Appellant next contends that it was erroneous to overrule his Motion to Quash the arrest warrant. He argues that the affidavit upon which the warrant is based must "allege substantially the offense ..." (IC, 1971, 35-1-6-2 (Ind. Ann. Stat. § 9-602 [1972 Supp.]) and that the affidavit does not so allege in this instance. He correctly states that at the top of the affidavit the offense is described as "VIOLATION OF THE 1935 NARCOTIC ACT (AS AMENDED)." He argues that since there are several crimes under the Act, merely stating that the Act is violated does not "allege substantially the offense." However, in the body of the affidavit is the following statement:

"[Appellant] did then and there unlawfully and feloniously have in his possession and under his control a narcotic drug, to wit: marijuana... ."

This statement alleges the offense with specificity and meets the statutory requirement. The trial court committed no error in overruling appellant's Motion to Quash the arrest warrant.

*419 Appellant's next contention is that the statute under which he was convicted was repealed by the new Indiana Code of 1971, and therefore he could not be convicted under it. Appellant cites IC 1971, 1-1-1-6 which states:

"All felonies and misdemeanors committed under acts in force prior to the effective date of this Code shall be prosecuted and remain punishable as provided in those acts. "This Code does not affect any rights or liabilities accrued, penalties incurred, or proceedings begun prior to the effective date of this Code. The rights, liabilities and proceedings are continued; and punishments, penalties or forfeitures shall be imposed and enforced as if this Code had not been enacted."

Appellant admits that this might end the argument, but claims that it is not logical to retain the penalties and yet repeal the statute. However, the Code answers this argument. IC 1971, 1-1-1-5 states in part:

"(a) The provisions of the Indiana Code of 1971 are intended to be continuations or amendments of applicable or corresponding provisions of previously existing laws. The operation and effect of any law reenacted by this Code is intended to continue, without interruption, just as if such law so reenacted had not been repealed by this Code."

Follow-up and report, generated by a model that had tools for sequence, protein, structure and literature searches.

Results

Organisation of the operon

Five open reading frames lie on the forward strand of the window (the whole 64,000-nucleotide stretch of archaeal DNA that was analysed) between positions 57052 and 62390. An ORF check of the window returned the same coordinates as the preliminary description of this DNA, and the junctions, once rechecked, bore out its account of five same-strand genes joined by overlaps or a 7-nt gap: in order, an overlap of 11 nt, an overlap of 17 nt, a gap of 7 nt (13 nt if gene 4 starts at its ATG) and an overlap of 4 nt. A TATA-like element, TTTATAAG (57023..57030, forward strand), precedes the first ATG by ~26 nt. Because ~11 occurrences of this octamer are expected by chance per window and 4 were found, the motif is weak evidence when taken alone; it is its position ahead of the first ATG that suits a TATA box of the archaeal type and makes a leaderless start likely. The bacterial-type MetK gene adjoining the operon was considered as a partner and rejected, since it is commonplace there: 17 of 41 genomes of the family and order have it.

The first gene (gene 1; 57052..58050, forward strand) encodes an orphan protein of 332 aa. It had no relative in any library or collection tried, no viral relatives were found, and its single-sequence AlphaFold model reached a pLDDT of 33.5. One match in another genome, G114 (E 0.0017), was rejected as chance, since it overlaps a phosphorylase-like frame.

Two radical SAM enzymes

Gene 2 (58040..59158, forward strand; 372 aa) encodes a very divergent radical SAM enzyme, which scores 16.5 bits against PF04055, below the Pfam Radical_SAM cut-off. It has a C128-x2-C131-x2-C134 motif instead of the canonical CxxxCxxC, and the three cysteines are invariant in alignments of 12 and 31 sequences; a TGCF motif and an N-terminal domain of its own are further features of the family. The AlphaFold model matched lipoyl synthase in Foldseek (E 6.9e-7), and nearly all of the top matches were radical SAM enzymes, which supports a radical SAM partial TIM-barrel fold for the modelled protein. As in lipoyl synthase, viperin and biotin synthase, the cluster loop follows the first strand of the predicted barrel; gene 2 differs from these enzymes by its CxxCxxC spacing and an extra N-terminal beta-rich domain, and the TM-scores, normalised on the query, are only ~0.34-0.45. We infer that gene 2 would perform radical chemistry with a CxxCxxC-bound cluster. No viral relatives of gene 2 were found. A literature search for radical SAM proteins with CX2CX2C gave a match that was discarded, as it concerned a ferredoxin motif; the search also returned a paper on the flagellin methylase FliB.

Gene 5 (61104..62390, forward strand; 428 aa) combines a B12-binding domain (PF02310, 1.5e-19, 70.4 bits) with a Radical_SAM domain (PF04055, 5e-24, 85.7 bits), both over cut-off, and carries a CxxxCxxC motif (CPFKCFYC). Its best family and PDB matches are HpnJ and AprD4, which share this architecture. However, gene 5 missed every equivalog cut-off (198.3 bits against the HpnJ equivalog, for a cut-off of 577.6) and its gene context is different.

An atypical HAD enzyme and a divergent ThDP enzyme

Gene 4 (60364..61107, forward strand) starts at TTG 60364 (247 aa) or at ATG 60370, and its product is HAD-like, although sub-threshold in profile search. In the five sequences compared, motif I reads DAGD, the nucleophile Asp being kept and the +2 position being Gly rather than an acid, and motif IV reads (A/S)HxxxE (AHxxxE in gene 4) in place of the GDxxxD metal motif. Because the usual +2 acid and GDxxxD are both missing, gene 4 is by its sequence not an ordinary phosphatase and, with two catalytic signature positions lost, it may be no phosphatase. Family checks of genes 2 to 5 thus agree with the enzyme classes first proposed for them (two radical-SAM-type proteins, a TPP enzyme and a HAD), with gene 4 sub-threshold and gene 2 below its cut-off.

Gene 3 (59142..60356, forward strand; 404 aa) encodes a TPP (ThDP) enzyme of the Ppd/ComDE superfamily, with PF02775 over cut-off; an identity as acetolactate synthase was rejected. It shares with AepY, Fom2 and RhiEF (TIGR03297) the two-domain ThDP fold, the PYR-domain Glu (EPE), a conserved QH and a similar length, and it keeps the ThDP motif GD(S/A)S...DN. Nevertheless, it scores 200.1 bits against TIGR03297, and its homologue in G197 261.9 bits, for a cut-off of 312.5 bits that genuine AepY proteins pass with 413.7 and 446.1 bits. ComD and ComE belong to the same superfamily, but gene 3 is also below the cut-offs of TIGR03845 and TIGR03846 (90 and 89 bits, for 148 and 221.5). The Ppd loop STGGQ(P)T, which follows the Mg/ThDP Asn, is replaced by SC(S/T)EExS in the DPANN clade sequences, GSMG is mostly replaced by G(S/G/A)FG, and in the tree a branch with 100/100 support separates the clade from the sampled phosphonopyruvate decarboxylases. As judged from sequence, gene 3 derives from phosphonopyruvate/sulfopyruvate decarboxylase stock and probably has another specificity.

Reading these two sections together, it is clear that the result is that the statutes as a whole are effectively continued and not simply the penalties. We find no merit to appellant's argument.

Appellant next contends that it violates due process under the Fourteenth Amendment to the Constitution of the United States and due course under Art. 1, § 12 of the Constitution of Indiana to define marijuana as a narcotic drug. The General Assembly placed marijuana within the ambit of the dangerous drug act subsequent to appellant's offense, but marijuana came under the Narcotic Act at the time of the offense. Appellant argues that the testimony of the State's expert witness and recent scientific evidence demonstrate that marijuana is not a narcotic drug. Even accepting that marijuana is apparently not a "narcotic drug" in the scientific sense, appellant has failed to demonstrate how this fact denies him of life, liberty, or property without due process of law. The statute specifically proscribed the possession of marijuana. This is not a case where narcotics were generally prohibited without mention of marijuana, and with a resulting decision that marijuana should be included within that general category. See Burk v. State (1971), Ind., 275 N.E.2d 1. The statute succinctly states that possession of marijuana is proscribed, and appellant could have no doubts that such an act is unlawful. In his reply brief, appellant cites People v. McCabe (1971), 49 Ill. 2d 338, 275 N.E.2d 407, but that case involved the equal protection clause and is therefore not applicable to appellant's argument.